One thing’s for sure; if you save money on the hardware and invest in the infrastructure to support it, you won’t go far wrong.
So, what to buy and what to spend on the infrastructure?
David’s articles feature a number of good recommendations for used Hi-Fi, as does his aforementioned website. General Google searches will likewise present a number of options. But what about the infrastructure? How much should you spend? And in what order?
The principles are exactly the same for second-hand or older systems as they are for any other, but they are worth reiterating. Always upgrade your cables in the following order:
1. Mains
2. Interconnects
3. Speaker cable
The reason for this is that every stage affects the next. The easiest way to illustrate this is to use the example of doing the opposite.

Let’s say you start with the speaker cable. This will, of course, bring benefits. The problem is that the reason you get the benefit is the same reason you’ll get potential problems too. For example, the cable may be more resolving and bring out more detail from the recording. But if it can do that, it will also highlight any issues with signal noise and mains interference further downstream, and this will colour the sound. In contrast, if you address the mains first, by the time you come to improving your speaker cable you’ll only hear a benefit.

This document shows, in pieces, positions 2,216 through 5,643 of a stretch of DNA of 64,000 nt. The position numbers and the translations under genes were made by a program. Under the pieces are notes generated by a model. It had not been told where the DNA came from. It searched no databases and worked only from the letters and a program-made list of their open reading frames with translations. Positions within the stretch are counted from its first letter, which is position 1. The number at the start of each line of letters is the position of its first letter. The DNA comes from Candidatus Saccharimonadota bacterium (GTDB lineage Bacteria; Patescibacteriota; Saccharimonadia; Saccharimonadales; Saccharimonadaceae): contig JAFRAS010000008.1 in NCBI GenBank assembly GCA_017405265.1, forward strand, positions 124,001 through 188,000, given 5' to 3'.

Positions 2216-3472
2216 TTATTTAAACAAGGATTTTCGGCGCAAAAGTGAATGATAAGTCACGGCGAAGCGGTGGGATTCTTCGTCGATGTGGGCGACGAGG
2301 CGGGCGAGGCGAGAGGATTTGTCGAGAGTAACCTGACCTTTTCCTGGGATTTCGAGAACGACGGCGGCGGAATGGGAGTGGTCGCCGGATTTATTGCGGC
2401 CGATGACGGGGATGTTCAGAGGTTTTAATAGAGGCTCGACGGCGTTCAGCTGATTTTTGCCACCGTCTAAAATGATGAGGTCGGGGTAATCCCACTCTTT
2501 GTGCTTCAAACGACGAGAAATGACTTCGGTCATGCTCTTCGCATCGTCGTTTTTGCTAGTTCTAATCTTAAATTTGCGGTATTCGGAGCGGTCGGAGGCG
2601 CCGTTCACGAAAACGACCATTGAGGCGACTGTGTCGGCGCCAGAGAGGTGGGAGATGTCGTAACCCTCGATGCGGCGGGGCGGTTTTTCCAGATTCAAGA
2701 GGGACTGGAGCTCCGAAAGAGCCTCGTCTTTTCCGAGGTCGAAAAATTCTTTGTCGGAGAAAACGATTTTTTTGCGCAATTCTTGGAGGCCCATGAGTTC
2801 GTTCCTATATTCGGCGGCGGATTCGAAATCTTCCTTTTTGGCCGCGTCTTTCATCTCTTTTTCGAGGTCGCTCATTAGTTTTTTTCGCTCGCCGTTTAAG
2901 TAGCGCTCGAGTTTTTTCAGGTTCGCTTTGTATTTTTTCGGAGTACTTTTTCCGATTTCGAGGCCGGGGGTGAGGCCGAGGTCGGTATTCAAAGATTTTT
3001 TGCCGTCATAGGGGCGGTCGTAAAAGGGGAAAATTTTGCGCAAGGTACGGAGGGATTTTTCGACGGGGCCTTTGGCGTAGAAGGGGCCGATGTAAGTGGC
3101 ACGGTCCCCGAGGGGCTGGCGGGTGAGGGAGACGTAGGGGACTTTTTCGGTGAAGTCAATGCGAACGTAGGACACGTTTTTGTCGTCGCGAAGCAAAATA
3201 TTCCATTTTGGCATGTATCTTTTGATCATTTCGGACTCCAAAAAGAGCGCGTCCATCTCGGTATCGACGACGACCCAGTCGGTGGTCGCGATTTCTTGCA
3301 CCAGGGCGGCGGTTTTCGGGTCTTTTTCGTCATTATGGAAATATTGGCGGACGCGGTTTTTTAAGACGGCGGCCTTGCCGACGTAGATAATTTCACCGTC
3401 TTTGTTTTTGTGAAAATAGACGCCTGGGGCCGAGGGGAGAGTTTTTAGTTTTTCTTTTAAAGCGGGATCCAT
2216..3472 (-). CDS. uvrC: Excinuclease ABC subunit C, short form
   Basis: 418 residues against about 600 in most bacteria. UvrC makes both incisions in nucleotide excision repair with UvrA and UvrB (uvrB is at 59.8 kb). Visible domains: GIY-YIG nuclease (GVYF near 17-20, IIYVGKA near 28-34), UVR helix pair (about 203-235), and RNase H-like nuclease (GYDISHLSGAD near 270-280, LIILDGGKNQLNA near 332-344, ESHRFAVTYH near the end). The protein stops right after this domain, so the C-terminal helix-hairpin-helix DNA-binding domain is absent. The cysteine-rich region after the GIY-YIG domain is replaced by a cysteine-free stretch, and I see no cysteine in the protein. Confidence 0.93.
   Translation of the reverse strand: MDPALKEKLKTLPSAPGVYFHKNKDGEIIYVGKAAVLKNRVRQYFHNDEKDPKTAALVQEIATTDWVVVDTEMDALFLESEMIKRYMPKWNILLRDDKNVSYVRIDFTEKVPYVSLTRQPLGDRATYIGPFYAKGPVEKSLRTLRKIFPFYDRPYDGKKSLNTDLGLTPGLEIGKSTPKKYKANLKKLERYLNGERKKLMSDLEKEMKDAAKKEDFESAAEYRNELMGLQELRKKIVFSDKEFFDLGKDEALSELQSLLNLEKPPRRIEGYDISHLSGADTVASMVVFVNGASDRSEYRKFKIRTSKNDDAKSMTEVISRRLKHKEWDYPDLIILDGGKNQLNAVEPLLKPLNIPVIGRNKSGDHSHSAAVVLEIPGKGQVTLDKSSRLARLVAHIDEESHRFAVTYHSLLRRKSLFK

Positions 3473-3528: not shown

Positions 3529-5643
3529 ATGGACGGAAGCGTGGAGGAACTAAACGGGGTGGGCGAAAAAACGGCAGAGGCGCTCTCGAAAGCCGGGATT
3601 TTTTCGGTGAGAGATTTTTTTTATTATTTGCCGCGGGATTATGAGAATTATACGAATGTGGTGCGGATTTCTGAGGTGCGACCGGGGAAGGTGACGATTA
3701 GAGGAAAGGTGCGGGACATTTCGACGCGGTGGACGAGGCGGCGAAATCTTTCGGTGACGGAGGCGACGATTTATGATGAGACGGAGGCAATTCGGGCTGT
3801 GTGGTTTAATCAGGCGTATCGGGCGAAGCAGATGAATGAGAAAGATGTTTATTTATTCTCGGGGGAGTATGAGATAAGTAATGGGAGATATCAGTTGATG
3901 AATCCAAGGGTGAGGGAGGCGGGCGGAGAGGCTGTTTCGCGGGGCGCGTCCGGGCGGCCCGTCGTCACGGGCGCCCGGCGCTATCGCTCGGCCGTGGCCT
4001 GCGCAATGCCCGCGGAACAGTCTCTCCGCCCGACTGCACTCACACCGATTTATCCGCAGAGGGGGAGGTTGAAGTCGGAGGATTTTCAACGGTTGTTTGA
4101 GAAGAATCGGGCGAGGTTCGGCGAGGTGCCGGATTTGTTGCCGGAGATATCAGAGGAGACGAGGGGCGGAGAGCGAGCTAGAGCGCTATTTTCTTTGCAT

An example
We’ve taken a simple, widely available system that we have here at RAHQ and suggested the first level of upgrades we’d make. The system  comprises; a Marantz PM66SE KI Signature integrated amp, an Arcam Alpha 7SE CD player and Focal 705 stand-mount loudspeakers.

1. Following the above advice, we start by upgrading the power cable feeding the CD player. Always try to start by upgrading this cable first because this is literally the source of your music – the closer to that you get, the more significant the improvement. Think of it this way; you can never get back what you’ve lost, so any improvements at the source will be reflected throughout the rest of the system.
Evolution-100 PowerKord upgrade to the CD Player